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SEGA AGES 2500 Vol.1: Phantasy Star - Generation:1 (PlayStation 2)

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Written by  :  אולג 小奥 (168579)
Written on  :  Jul 13, 2005
Rating  :  2.83 Stars2.83 Stars2.83 Stars2.83 Stars2.83 Stars

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Summary

Fixing what was never broken

The Good

The original Phantasy Star was a landmark title, the first game in history that possessed the unique characteristics of a Japanese-style RPG. Now, Sega decided to start their series of remakes (called Sega Ages and arranged in volumes) with this legendary game. Unlike previous re-releases of Phantasy Star (as part of Phantasy Star Collection for Saturn and GBA), this is not just a port, but a real remake.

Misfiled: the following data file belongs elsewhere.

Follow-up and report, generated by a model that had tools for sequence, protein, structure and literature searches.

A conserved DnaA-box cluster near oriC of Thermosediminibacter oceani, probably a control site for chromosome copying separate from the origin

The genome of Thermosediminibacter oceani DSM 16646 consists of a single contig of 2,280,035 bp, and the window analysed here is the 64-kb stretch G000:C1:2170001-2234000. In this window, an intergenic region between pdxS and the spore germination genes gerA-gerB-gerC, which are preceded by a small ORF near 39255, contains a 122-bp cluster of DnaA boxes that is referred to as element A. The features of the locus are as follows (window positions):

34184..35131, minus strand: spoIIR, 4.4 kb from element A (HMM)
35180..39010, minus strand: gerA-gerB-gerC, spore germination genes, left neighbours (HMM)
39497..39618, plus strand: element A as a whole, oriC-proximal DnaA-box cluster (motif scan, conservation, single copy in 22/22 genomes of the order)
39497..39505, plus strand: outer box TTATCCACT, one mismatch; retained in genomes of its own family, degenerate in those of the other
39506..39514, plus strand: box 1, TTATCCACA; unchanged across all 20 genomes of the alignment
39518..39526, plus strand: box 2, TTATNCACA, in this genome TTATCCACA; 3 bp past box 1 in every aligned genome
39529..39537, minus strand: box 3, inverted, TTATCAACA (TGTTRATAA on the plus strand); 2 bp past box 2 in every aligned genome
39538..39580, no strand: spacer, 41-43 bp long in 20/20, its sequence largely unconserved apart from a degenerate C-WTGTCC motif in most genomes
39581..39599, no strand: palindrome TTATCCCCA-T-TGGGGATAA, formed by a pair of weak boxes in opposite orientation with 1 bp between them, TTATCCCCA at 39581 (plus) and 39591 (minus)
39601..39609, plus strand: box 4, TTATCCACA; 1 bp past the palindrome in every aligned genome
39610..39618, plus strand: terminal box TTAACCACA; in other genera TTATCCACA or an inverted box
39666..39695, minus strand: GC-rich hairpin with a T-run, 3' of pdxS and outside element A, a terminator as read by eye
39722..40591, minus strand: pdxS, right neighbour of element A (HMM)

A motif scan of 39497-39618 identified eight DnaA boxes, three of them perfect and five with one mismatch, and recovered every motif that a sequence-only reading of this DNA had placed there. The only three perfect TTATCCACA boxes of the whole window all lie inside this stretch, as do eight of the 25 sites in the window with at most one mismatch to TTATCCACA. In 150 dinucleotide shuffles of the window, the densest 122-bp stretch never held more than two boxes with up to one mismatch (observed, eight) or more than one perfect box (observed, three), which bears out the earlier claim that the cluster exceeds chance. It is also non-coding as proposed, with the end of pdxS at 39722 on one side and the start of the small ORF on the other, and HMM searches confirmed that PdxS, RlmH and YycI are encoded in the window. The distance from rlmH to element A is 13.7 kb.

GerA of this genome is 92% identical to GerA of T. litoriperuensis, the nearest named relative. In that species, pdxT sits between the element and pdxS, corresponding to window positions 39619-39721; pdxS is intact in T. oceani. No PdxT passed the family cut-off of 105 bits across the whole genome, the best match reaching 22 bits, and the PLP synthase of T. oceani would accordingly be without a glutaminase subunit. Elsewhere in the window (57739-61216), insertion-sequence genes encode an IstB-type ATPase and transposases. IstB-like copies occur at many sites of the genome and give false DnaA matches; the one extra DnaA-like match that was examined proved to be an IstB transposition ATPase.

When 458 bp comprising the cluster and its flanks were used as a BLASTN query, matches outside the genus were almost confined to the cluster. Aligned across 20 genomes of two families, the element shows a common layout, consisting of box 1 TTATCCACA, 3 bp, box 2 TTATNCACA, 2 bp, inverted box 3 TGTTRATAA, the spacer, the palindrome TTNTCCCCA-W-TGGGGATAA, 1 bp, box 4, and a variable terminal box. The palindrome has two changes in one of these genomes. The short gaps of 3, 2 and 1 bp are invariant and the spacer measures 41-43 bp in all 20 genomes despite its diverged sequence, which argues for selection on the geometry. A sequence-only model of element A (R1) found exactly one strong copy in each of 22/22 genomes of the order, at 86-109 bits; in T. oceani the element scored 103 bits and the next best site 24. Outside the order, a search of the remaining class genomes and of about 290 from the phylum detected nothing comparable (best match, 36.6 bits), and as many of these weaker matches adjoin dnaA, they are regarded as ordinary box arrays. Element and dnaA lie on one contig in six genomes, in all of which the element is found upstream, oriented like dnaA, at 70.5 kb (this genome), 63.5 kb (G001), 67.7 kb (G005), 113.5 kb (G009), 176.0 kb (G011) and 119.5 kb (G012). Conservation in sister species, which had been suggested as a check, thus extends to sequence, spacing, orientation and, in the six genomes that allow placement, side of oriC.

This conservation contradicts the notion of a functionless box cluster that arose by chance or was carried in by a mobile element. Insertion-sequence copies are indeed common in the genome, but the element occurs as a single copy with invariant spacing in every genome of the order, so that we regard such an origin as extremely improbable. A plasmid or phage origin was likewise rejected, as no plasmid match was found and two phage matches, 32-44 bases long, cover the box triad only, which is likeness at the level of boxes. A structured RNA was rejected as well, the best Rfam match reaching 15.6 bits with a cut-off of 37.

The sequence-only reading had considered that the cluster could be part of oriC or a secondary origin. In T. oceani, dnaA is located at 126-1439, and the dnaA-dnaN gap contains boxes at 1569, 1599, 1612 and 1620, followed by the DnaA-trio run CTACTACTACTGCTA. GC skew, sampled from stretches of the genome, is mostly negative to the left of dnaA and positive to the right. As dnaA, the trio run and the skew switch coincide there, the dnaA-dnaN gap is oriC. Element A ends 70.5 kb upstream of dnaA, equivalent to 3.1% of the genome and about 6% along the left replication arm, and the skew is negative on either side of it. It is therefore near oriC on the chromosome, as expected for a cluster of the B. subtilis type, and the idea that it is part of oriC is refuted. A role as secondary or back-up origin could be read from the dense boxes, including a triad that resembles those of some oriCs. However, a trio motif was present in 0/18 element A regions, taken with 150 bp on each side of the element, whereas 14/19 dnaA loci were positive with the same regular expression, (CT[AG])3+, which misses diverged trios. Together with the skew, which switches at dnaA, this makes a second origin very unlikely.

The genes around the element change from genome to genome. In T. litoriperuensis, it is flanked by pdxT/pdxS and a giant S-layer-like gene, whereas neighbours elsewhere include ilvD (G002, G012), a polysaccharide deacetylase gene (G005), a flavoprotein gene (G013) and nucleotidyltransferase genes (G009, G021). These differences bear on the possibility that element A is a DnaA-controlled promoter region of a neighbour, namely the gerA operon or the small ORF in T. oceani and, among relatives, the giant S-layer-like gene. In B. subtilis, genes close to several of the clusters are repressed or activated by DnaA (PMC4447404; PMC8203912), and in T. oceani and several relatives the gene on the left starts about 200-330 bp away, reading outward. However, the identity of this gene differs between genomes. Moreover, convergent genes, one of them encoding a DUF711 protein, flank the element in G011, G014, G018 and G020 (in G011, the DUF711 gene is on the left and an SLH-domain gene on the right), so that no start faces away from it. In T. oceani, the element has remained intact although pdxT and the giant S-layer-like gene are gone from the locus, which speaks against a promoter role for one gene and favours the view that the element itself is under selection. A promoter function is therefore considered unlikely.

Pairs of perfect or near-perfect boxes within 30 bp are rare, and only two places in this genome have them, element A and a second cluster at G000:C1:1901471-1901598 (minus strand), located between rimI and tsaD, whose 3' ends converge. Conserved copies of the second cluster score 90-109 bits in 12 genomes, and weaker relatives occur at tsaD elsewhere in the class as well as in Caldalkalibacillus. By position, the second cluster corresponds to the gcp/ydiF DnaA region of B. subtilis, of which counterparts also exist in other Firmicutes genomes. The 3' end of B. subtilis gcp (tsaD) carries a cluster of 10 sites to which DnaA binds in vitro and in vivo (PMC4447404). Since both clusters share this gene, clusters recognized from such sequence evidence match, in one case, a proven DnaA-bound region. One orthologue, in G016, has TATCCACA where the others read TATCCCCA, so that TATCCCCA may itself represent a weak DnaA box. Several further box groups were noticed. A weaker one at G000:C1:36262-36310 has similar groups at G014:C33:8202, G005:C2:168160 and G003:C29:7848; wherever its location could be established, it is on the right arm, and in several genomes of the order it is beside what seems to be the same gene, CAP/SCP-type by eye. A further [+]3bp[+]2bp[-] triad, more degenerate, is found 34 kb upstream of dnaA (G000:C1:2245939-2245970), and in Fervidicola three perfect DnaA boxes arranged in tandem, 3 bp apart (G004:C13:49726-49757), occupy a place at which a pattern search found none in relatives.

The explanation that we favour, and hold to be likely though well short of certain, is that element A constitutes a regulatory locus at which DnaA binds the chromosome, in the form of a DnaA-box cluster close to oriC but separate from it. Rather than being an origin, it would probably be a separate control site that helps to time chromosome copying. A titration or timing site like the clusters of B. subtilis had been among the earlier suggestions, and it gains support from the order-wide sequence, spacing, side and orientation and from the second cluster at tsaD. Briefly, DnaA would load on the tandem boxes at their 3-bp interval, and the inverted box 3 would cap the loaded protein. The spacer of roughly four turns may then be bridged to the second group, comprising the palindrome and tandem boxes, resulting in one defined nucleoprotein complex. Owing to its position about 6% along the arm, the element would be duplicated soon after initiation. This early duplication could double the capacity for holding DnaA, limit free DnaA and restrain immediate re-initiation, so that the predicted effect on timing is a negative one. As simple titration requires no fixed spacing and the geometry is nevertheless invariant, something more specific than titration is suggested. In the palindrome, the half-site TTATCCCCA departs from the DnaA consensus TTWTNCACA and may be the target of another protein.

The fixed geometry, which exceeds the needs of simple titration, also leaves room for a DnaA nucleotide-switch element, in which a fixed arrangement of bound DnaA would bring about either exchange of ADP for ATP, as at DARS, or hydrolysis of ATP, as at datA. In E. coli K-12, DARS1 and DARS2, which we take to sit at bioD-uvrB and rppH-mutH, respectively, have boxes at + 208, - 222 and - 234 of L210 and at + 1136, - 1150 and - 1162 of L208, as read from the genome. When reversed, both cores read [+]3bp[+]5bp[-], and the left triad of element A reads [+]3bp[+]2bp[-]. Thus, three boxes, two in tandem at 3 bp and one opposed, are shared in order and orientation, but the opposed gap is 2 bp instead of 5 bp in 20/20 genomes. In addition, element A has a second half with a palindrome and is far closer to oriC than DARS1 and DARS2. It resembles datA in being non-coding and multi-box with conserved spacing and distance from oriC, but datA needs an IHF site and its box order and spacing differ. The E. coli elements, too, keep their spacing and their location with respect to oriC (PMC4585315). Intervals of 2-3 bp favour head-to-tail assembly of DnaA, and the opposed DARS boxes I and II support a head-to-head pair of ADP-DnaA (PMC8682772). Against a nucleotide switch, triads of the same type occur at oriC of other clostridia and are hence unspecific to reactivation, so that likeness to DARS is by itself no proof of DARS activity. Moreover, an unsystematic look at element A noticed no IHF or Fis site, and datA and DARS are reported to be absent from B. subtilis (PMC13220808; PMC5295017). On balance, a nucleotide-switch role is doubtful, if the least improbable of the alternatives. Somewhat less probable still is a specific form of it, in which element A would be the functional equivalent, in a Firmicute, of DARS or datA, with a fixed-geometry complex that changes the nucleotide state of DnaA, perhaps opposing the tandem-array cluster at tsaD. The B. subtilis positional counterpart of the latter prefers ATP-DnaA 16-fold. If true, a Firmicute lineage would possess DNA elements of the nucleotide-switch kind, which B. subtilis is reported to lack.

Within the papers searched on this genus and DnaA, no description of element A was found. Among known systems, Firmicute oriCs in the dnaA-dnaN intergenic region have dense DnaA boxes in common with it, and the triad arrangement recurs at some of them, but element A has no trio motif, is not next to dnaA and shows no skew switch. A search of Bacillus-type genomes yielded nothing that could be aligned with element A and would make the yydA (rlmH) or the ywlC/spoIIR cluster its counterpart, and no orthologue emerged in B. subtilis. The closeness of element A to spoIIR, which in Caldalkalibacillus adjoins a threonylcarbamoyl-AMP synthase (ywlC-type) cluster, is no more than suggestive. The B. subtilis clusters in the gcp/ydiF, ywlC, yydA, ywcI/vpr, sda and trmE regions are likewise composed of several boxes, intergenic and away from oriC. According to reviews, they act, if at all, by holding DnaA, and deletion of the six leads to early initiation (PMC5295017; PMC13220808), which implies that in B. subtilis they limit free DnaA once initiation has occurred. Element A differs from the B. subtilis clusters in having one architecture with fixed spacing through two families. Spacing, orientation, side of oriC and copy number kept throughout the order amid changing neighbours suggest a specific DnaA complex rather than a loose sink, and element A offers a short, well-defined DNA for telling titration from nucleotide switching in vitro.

Some of the additions were pretty nice. In the original Phantasy Star, characters didn't talk after having joined you, and most people you encountered simply gave you information in a dry and mechanical way. Dialogues and characterization were the really outdated aspects of Phantasy Star, and the creators of the remake realized that. They basically re-wrote the entire script, making it much larger and more detailed. The best addition is the "Talk" option, an enhanced version of the one implemented in Phantasy Star IV. At any time, you can press the L1 button to read a dialogue between your party members.